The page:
European mobility: creating an international professional network

A story by: Rachel, European projects manager of DEP Institut in Barcelona, Spain

My “mobility story” began on a personal level 10 years ago when I made the “jump” to Europe from my original hometown in Minnesota, USA.  However, on a professional level, European mobility has influenced how I work and has added value to my day-to-day work.

In January of 2010 I went to Ancona, Italy for the kick-off meeting of Career Guidelines, a Transfer of Innovation project with partners from 3 European countries.  Since that first transnational meeting I have worked on 10 different European projects, cofinanced by the Lifelong Learning Programme or the Erasmus + programme of the European Comission. Through these projects I have attended meetings and events in 22 different European cities and this exchange has allowed me to learn about different organisations, different ways of working, and getting to know cities through its residents, in addition to learning more about the specific subjects and gaining professional skills related to the projects related to education, training, guidance and mobility.

Mobility experiences have a full range of impacts, and while my experiences are overall very postitive, these experiences also present challenges and difficult moments.

  • Language barriers and misunderstandings
  • Different interpretations of professional concepts based on each country’s context  (this is a challenge, but very enriching in the end)
  • Working at a distance – distance may make the heart grow fonder, but can make getting work done together more difficult
  • Homesickness – missing your “normal”…this challenges you and helps you grow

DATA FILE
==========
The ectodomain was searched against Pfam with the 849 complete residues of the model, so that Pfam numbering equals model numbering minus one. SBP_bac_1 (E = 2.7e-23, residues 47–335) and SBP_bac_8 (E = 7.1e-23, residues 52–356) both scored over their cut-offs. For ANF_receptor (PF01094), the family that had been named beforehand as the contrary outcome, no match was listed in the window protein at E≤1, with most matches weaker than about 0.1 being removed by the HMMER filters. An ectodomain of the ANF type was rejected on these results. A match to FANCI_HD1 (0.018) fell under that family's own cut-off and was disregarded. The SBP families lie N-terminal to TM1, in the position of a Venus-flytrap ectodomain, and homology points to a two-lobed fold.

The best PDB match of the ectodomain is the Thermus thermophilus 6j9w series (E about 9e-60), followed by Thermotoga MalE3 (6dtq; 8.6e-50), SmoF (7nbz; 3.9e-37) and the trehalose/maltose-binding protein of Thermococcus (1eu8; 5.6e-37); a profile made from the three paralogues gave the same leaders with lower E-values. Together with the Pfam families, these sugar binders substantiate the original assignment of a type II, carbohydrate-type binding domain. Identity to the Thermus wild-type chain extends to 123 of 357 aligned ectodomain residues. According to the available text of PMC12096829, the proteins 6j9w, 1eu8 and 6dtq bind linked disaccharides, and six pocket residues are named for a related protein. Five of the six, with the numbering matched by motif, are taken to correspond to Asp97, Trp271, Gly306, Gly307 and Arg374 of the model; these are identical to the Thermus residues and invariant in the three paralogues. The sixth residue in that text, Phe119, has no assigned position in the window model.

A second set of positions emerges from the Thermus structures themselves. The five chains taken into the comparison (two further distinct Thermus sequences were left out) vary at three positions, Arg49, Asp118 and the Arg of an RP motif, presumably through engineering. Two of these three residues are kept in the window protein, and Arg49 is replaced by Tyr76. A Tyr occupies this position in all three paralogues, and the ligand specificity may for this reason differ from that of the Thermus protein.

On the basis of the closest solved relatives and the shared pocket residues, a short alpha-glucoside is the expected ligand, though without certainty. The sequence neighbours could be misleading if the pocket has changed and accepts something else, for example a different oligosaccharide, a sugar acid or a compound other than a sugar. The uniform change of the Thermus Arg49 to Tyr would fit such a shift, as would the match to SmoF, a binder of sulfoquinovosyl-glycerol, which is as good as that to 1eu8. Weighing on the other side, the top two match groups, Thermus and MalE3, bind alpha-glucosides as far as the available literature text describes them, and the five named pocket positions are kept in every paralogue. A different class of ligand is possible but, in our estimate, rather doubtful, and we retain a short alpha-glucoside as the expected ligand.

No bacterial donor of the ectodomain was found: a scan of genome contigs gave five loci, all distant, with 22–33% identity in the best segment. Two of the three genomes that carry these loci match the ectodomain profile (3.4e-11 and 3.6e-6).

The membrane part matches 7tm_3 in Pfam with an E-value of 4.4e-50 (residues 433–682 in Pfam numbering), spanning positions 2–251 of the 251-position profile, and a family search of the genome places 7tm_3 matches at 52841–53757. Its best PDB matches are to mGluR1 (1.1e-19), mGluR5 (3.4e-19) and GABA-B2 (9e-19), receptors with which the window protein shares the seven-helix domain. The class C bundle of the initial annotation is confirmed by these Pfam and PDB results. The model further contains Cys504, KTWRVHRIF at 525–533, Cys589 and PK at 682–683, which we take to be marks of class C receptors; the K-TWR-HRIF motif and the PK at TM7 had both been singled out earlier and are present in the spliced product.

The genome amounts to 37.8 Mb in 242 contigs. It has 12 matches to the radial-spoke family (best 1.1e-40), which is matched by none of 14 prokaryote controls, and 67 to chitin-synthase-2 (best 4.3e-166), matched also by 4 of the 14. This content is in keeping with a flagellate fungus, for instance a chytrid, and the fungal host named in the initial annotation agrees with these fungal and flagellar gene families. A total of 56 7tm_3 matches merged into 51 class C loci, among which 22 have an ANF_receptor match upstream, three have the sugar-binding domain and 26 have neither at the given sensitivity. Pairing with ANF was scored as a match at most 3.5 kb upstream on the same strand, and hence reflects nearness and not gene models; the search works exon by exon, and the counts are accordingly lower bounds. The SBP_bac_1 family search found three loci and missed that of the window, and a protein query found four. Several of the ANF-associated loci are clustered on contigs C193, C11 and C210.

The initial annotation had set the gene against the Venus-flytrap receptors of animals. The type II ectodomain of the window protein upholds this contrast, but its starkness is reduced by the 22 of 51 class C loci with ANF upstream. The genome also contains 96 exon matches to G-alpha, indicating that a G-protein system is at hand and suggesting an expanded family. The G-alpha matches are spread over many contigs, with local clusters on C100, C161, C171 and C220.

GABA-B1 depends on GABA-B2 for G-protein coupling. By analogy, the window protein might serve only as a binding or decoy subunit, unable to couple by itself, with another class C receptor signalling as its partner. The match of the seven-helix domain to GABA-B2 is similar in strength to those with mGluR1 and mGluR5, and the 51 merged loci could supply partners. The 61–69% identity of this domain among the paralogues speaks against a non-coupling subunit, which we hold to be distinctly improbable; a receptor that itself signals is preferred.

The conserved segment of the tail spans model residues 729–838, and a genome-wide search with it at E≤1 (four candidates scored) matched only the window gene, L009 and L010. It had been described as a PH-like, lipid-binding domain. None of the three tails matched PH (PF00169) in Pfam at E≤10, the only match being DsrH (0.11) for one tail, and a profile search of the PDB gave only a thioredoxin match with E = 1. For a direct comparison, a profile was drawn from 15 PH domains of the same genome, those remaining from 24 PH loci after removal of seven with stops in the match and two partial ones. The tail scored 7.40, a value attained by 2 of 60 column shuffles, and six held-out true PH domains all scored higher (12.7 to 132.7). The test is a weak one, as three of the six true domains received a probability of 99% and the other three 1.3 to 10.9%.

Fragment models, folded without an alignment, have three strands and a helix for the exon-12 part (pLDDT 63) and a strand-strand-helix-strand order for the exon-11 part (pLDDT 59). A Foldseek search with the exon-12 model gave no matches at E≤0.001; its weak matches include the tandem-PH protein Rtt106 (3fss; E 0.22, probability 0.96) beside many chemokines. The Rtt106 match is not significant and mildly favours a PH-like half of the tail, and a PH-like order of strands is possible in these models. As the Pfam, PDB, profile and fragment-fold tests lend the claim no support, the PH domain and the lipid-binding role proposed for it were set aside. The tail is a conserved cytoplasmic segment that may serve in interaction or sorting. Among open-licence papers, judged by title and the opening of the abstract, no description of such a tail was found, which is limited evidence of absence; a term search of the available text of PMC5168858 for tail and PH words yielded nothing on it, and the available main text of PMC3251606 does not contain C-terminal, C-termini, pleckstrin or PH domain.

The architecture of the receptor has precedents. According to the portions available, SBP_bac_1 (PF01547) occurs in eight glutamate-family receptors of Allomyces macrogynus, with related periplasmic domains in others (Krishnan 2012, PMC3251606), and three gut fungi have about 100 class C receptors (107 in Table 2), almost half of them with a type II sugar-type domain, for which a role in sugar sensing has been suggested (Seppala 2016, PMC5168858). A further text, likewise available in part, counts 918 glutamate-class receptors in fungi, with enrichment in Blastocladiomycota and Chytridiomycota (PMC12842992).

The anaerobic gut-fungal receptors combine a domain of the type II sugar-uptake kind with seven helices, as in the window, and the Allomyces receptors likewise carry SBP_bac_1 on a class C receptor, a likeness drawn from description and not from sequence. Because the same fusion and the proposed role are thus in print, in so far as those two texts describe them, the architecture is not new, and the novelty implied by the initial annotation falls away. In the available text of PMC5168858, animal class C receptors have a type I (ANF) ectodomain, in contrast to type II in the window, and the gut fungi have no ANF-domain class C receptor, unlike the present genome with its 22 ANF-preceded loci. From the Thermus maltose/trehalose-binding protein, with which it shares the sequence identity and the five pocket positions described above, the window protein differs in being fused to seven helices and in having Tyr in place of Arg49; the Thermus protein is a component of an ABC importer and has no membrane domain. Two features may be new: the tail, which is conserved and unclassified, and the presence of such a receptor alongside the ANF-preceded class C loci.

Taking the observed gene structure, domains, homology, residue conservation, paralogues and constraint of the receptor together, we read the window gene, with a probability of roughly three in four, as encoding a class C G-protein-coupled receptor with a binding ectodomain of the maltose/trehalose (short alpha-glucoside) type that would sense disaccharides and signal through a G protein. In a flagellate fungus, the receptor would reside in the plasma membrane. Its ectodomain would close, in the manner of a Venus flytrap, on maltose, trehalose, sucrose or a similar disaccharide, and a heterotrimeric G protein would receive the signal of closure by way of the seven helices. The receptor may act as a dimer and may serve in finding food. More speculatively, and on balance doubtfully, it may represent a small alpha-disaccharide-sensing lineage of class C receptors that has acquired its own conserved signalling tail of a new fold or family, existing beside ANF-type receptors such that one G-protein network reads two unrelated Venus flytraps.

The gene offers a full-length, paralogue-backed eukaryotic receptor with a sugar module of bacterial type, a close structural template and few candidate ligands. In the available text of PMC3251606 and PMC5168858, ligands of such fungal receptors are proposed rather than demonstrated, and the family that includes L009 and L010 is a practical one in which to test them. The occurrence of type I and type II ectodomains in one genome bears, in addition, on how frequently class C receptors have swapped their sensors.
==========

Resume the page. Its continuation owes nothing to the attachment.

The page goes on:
On both a personal and professional level mobility has changed me in profound ways that is hard to put into words. I feel both more like a “citizen of the world” and more connected to my adopted country. I now speak 3 languages, but beyond that, my communications skills- making myself understood- have been reinforced. And mobility has made me more flexible and adaptable to new situations (both professional and personal).  However, in addition to changing or impacting you, an experience abroad also makes you more aware of your personal traits, attitudes and skills. It is a powerful source of self-knowledge and reflection.

For this blog entry I made a list of my European mobilities and the numbers surprised me:

  • 6 years (2010-2015)
  • 10 projects
  • 22 European cities
  • 33 different trips

What is the impact?

Priceless?   While in some ways it is “priceless” or intangible, the impact is also very evident: my own professional development, knowledge gained and shared with my organisation, an international network of colleages and partners, the results and work achieved by the projects and collaborations, etc.

I fully recommend a mobility experience to anyone, young or not so young. It is an experience that can help you grow and reflect at any point in your life both personally and profesionally.

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